System Errors on a Macintosh


UNIX-style operating systems such as Mac OS X may experience a type of error called a "kernel panic." A kernel panic is an error that occurs when the core (kernel) of an operating system receives an instruction in an unexpected format, or it fails to handle properly. A kernel panic may also follow when the operating system is not able to recover from a different type of error. A kernel panic can be caused by damaged or incompatible software or, more rarely, damaged or incompatible hardware. Because a kernel panic can happen at any time, backing up your data is always important.


Your Mac may do one or more of the following:

  • Spontaneously restart
  • Become unresponsive
  • Turn off
  • Display a message "Your computer restarted because of a problem."
  • Display a message "You shut down your computer because of a problem."


  • Try to isolate the problem and determine when the problem started, or identify if the problem occurs during a specific operation. You may find that the problem is linked to the addition of new hardware or software, or to a specific operation, such as saving a document or printing. If so, you can correct the problem by removing the incompatible hardware or software, or perhaps updating a hardware driver or software version to be compatible with the operating system and computer hardware. If the problem is related to a specific operation, such as saving a document, you may need to remove and reinstall the software program in which the problem occurs.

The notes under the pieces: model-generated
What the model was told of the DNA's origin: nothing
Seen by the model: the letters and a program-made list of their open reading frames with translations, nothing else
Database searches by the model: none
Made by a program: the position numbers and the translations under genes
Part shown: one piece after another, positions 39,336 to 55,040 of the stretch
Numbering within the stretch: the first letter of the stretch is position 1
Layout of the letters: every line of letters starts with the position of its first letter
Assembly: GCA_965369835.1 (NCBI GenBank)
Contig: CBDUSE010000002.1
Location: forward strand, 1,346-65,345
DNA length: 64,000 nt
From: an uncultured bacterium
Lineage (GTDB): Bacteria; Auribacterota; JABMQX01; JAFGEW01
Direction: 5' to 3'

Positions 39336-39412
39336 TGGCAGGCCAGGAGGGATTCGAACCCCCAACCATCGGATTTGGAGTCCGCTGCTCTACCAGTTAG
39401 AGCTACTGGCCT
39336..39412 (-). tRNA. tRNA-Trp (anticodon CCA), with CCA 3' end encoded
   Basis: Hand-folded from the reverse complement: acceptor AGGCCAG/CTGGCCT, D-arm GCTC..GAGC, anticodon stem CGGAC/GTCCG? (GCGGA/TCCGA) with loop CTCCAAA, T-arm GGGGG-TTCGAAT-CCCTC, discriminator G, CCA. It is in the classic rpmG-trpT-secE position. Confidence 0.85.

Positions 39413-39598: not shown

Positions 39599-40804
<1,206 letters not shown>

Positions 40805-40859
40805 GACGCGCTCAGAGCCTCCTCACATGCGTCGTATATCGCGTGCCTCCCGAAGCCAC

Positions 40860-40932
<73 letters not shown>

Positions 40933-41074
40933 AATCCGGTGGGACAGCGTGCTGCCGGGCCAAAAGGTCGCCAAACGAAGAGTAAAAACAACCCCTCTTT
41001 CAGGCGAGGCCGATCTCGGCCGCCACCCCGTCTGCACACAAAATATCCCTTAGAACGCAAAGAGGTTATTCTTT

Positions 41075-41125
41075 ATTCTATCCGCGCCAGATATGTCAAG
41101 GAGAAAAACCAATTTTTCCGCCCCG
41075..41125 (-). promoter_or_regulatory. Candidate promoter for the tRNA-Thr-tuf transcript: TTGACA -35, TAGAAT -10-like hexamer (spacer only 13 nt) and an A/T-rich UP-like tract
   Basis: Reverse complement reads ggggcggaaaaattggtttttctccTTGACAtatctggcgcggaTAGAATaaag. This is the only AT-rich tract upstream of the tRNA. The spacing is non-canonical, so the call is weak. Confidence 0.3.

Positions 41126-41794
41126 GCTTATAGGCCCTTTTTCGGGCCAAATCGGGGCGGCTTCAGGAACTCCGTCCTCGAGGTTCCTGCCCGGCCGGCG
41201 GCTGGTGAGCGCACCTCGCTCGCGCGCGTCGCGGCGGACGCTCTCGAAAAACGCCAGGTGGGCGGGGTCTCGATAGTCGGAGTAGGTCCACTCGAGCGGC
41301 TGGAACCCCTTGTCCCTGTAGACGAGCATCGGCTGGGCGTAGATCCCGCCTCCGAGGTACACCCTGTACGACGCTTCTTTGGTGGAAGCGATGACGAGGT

• Other methods might include creating a new user account on the machine to see if the error is system or user related, and starting the computer from an external device. The latter can help indicate if the problem is software or hardware related.
  • If the problem is related to the operating system itself or a hardware issue, it may require the reinstallation of the operating system or sending your computer in for hardware repair.


Article ID: 64719
Tue 10/9/18 12:23 PM
Tue 11/12/19 10:32 AM